3 medium (5 ounces) tomatillos, husked and rinsed 1/2 cup ( 2 1/2 ounces) sesame seeds About 1/2 cup lard or vegetable oil, plus a little more if necessary 6 medium (3 ounces) dried mulato chiles, stemmed and seeded 3 medium (about 1 1/2 ounces) dried ancho chiles, stemmed and seeded 5 medium (about 1 1/2 ounces) dried pasilla chiles, stemmed and seeded 4 garlic cloves, peeled Scant 1/2 cup (2 ounces) almonds 1/2 cup (2 ounces) raisins Salt to taste 1/2 teaspoon freshly ground cinnamon, preferably Mexican canela 1/4 teaspoon freshly ground black pepper 1/4 teaspoon freshly ground anise seed (optional) Scant 1/8 teaspoon freshly ground cloves 1 slice firm white bread, darkly toasted and broken into several pieces 1 ounce (about 1/3 of a 3.3-ounce tablet) Mexican chocolate, roughly chopped 4 to 5 tablespoons sugar 4 lbs. bone-in chicken breasts, or the same amount boneless turkey breast Sprigs of watercress or flat-leaf parsley, for garnishDirections 1. Set out all the ingredients. Spread the tomatillos on a baking sheet and roast them 4 inches below a very hot broiler until darkly roasted, even blackened in spots, about 5 minutes. Flip them over and roast the other side, 4 or 5 minutes, until splotchy-black, blistered and soft. Set out 2 large bowls and scrape the tomatillos, juice and all, into one of them. Set out a pair of tongs and a slotted spoon. 2. In an ungreased, small skillet set over medium heat, toast the sesame seeds, stirring constantly until golden, about 5 minutes. Scrape 2/3 of them in with the tomatillos; set the rest aside for garnish. 3. Set a large (8- to 9-quart) pot (preferably a Dutch oven or Mexican cazuela) over medium heat. Measure the lard or oil into the pot. Turn on an exhaust fan or open a window or door. Tear the chiles into flat pieces and, when the lard or oil is hot, fry the chiles, three or four at a time, flipping them constantly with the tongs, until their interior sides have changed to a lighter color, about 20 to 30 seconds total frying time. Don't toast them so darkly that they begin to smoke-that will make the mole bitter. As they're done, remove them to the empty bowl, being careful to drain as much fat as possible back into the pot. Remove any stray chile seeds left in the fat. Cover the toasted chiles with hot tap water and submerge a plate over them to ensure even rehydration. Let stand about 30 minutes. 4. With the pot still on the heat, fry the garlic and almonds, stirring regularly until browned (the garlic should be soft, the almonds browned through), about 5 minutes. With the slotted spoon, remove them to the tomatillo bowl, draining as much fat as possible back into the pot. Now, add the raisins to the hot pot. Stir with your slotted spoon for 20 to 30 seconds, until they've puffed and browned slightly. Scoop them in with the tomatillos, draining as much fat as possible back into the pot. 5. Raise the temperature under the pot to medium-high. Sprinkle all sides of the turkey breast halves with salt, then lay one half in the pot. Thoroughly brown it on all sides, about 10 minutes total. Remove to a clean plate; brown the other half in the same way. Cover and refrigerate if not completing Steps 3 and 4 within an hour or so. Set the pot aside off the heat. 6. Use tongs to transfer the rehydrated chiles to a blender, leaving the soaking liquid behind. Taste the soaking liquid, and, if it is not bitter, measure 2 1/2 cups into the blender. If it is bitter, throw the soaking liquid away and measure in 2 1/2 cups water. Blend the chiles to a smooth purée, adding a little extra water if necessary to keep the mixture moving through the blades. Press the chile mixture through a medium-mesh strainer back into the empty chile-soaking bowl. 7. Without washing the blender jar, scrape the tomatillo mixture into it. Add 1 cup water, along with the cinnamon, black pepper, anise (if you are using it,) cloves, bread, and chocolate. Blend to a smooth purée, again a little extra water if necessary to keep the mixture moving. Press through the strainer back into the tomatillo-mixture bowl. 8. Check the fat in the pot: if there's more than a light coating over the bottom, pour off the excess; if the pot's pretty dry, film the bottom with a little more lard or oil. Set over medium-high heat. When quite hot, scrape in the chile purée and stir nearly constantly until mixture has darkened considerably and thickened to the consistency of tomato paste, another 5 to 10 minutes. 9. Add 6 cups water to the pot and stir to thoroughly combine. Partially cover, reduce the heat to medium-low and simmer gently, stirring occasionally, for 45 minutes. Check the consistency: the mole should be thick enough to coat a spoon, but not too quickly. If it's too thin, simmer it briskly over medium to medium-high heat until a little thicker; if too thick, stir in a little water. 10. Taste and season with salt, usually about 1 3/4 tablespoons, and the sugar (if you're new to seasoning mole, keep in mind that it's a delicate balance of salty, sweet, and spicy; it's best to start with the minimum quantities suggested, then refine the seasoning just before serving). 11. Heat the oven to 325. Brown all sides of the chicken or turkey in a skillet. Place the chicken or turkey (turkey is more traditional) into the sauce, and cover. Cook in the oven, covered, about 35 minutes until meat is done. Remove the meat from the sauce, slice, and cover with a generous ladle of the sauce.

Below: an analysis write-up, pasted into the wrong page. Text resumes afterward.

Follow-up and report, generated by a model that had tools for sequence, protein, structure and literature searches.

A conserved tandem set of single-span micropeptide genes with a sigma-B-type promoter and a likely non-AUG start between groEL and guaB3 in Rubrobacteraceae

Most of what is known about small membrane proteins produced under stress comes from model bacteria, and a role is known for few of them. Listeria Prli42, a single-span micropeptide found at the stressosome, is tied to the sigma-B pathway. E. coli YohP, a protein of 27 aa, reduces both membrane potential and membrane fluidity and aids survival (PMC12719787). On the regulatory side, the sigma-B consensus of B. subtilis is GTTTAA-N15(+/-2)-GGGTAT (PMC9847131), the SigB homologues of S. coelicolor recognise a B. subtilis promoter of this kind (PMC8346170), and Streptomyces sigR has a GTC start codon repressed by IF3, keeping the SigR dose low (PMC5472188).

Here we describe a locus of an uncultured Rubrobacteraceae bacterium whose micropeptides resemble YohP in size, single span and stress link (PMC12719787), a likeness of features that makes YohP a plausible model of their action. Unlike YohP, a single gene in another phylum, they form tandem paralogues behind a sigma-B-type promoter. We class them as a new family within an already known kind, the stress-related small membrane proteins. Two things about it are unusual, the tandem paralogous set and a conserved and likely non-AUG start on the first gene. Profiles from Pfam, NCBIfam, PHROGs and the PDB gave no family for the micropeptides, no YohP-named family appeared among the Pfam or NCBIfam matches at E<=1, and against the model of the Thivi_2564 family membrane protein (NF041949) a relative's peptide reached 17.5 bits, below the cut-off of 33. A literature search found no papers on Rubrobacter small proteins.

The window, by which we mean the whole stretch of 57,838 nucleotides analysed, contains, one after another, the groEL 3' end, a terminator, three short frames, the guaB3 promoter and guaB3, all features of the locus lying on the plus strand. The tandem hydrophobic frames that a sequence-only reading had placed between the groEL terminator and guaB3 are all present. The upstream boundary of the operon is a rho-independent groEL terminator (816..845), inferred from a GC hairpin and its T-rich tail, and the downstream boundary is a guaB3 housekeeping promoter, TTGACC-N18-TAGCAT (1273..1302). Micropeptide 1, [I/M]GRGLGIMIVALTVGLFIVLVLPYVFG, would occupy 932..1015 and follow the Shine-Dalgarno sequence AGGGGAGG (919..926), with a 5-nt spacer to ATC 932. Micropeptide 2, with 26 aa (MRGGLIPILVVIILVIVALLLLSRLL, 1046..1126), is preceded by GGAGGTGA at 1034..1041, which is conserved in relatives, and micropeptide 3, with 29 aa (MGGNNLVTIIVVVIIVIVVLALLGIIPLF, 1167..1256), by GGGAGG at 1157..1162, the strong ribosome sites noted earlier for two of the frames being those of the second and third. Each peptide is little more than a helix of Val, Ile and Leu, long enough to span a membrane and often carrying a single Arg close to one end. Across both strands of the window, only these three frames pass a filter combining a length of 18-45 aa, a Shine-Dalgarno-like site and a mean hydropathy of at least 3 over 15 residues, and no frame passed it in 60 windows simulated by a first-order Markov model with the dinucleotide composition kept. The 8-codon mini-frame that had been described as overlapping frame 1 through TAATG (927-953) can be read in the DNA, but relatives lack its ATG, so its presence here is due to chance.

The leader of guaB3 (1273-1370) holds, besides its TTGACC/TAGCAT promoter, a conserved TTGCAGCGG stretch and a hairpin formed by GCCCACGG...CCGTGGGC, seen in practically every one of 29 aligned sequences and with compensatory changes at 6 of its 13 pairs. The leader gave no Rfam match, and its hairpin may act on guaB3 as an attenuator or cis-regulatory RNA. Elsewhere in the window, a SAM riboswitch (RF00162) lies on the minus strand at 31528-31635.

I have to say that I'm beyond proud of myself for successfully making this amazing mole rojo. It was just as richly flavored and complex as I remembered it being the first time I ate it. Now, it's not nearly as good as Rick Bayless' but, as Adam said, there'd be something wrong if it was quite as good as his! Will this be a regular thing for me to make? Absolutely not. It was far too time-consuming to make all the time. But, It was really fascinating to see the process firsthand. I found myself wondering how exactly it would be done without the luxury of an electric blender, gas stove and oven, and fine-mesh sieve.
It's taken me almost 20 years to build up the nerve to make this once, but rest assured that I'll be making another type of mole again soon!
Now, I do have to brag for a minute. I tweeted yesterday to Rick Bayless himself if he had any hints for me for making mole for the first time, not thinking he'd answer. Not only did he answer, but he gave me great advice: